Former Liberal chief minister Kate Carnell has urged Zed Seselja to put his personal views aside and back the ACT's right to legislate on euthanasia.
Ms Carnell made the comments as NT Country Liberal Senator Sam McMahon insisted there was nothing stopping Labor's Katy Gallagher from pushing to include the ACT in her new bill to restore territory rights.
But Senator Gallagher declared she wouldn't make any decision on a bill she described as a "thought bubble" which had been drafted to deliberately exclude the ACT.
The long-running saga took another turn this week after it emerged the ACT was set to be carved out of a bill which would again allow the NT to make its own laws on voluntary assisted dying.
Senator McMahon told The Canberra Times that she chose to exclude the ACT after Senator Seselja's office indicated that he wouldn't support it.
Senator Seselja's opposition to euthanasia is well known and he has not supported previous attempts to overturn the ban, which was legislated under a bill spearheaded by Kevin Andrews in 1997.
The ACT senator's spokeswoman on Monday said his views had not changed.
His intervention sparked a backlash from ACT Labor figures, with the territory's Human Rights Minister Tara Cheyne accusing Senator Seselja of abandoning Canberrans and "actively and knowingly" undermining Canberra Liberals leader Elizabeth Lee.
The Liberals in the Legislative Assembly support the ACT's right to legislate on euthanasia and Ms Lee has said she'll continue to lobby Senator Seselja and his federal colleagues on the issue.
In an interview with The Canberra Times, Ms Carnell said it was "simply unreasonable" that the ACT parliament was banned from making its own voluntary assisted dying laws.
She supported a simple repeal of the Andrews bill, rather than an option being pushed by Senator McMahon which also includes changes to workplace laws.
"It was always about Kevin Andrews' views on euthanasia, it didn't have anything to do with constitutional power," Ms Carnell said.
"It was a way of Kevin Andrews stopping the territories legislating on some things that he personally didn't agree with."
Asked if she had a message for Senator Seselja, Ms Carnell said: "Zed has to put his own personal views aside on this and act in the best interests of the people of the territory."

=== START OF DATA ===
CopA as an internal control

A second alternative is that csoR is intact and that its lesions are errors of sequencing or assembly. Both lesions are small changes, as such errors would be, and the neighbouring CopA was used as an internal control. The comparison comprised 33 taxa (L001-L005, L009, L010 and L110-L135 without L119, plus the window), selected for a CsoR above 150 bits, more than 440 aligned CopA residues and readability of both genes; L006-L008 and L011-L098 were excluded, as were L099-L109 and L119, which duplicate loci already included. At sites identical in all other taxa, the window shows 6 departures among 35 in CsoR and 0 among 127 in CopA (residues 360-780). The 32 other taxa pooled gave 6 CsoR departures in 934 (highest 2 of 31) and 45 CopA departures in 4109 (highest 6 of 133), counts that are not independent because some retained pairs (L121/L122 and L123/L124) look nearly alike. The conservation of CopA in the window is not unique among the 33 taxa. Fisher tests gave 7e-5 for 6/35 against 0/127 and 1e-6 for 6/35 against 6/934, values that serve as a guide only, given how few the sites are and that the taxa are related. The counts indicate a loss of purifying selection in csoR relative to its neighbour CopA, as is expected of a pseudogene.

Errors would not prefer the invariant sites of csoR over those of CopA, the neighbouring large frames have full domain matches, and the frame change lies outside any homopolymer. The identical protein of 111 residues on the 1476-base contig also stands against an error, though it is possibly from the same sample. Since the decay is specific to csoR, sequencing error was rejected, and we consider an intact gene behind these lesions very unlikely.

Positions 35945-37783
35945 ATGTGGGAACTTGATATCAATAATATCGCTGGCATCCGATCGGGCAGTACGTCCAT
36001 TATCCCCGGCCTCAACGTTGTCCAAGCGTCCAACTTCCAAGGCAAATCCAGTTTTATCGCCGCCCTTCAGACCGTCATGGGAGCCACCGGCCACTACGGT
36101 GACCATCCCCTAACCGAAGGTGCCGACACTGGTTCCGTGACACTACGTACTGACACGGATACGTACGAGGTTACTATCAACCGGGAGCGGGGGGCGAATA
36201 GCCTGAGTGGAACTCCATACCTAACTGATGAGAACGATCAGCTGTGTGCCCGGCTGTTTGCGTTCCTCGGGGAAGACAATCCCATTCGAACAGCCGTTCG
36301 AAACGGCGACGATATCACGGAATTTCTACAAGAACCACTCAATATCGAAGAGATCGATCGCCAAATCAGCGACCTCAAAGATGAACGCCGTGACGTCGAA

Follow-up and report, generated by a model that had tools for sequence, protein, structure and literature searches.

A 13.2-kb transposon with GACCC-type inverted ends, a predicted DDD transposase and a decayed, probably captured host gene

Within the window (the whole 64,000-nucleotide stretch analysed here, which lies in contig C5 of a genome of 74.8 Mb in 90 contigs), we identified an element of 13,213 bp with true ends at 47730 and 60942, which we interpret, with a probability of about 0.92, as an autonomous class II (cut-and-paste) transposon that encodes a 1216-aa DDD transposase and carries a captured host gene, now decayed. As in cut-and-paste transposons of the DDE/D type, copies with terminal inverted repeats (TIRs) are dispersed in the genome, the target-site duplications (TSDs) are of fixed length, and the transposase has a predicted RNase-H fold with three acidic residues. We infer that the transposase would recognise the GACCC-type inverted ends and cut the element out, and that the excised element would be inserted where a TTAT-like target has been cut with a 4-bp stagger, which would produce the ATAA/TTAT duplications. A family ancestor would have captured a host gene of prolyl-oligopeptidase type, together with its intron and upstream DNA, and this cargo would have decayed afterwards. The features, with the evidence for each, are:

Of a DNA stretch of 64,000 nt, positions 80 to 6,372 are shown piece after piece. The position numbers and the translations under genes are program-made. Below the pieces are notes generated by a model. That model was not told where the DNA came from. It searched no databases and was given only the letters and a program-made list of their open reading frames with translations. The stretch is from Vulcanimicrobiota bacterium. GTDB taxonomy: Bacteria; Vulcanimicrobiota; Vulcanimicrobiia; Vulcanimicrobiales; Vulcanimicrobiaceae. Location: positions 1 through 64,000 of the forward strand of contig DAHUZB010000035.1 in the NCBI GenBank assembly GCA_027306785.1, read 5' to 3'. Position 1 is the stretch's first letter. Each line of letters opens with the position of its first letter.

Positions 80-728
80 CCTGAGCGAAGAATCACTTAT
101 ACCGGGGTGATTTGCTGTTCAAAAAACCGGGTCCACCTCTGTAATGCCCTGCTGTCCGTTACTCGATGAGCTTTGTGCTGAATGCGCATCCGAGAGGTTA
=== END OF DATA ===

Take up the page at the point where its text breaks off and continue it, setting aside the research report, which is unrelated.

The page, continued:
"The people of the territory have a right to choose on this and all other issues, just like every other voter in Australia does," she said.
Former ACT Liberal senator and chief minister Gary Humphries did not wish to comment on Senator Seselja's position, but was adamant that the Andrews bill needed to be repealed.
Mr Humphries, who like Ms Carnell was part of the Liberals' moderate wing, said the "intellectual foundation" for the ban had crumbled as more states introduced their own euthanasia laws.
SA last month joined Victoria, Tasmania and Western Australia in passing assisted dying laws.
"The implicit argument behind the Andrews bill was a mature parliament would never be so reckless as to legislate to allow people to die, therefore these irresponsible legislatures must be brought back into line," Mr Humphries said.
"But, given that mature parliaments that are hundreds of years old are now making those decisions ... it is hard to see what intellectual basis there is for saying the territories can't do the same thing."
Senator McMahon said she had received emails from Canberrans asking her to include the ACT in her bill in the days after news broke of the territory's exclusion
She was open to speaking with Senator Gallagher before the private members bill was drafted, adding that there was nothing preventing the Labor frontbencher from moving an amendment to include the ACT if and when it came up for debate.
Senator Gallagher poured cold water on the suggestion when contacted by The Canberra Times.
"My first priority will be properly representing the interests of the ACT and I will not make a decision on a Bill that is so far just a thought-bubble and is not even drafted yet," she said.
"Canberrans expect that their democratic rights will be treated equally to those in the Northern Territory and not as an add-on amendment to a bill that is being drafted to deliberately exclude the ACT simply because Zed Seselja told his NT colleague that he wouldn't support it."
In a letter to Senator Seselja in April, Senator Gallagher said she understood her Liberal counterpart's personal opposition to euthanasia and the diversity of views across Canberra and the country.
"But surely as an ACT Senator you cannot stand by whilst your own constituents are given less rights than Australian citizens who happen to live across our borders," she wrote in the letter, seen by The Canberra Times.
Senator Gallagher followed up with another letter to Senator Seselja on May 3, in which she expressed her "genuine hope" that the two could work together to "end the discrimination that exists on our statute books for our constituents in the ACT".
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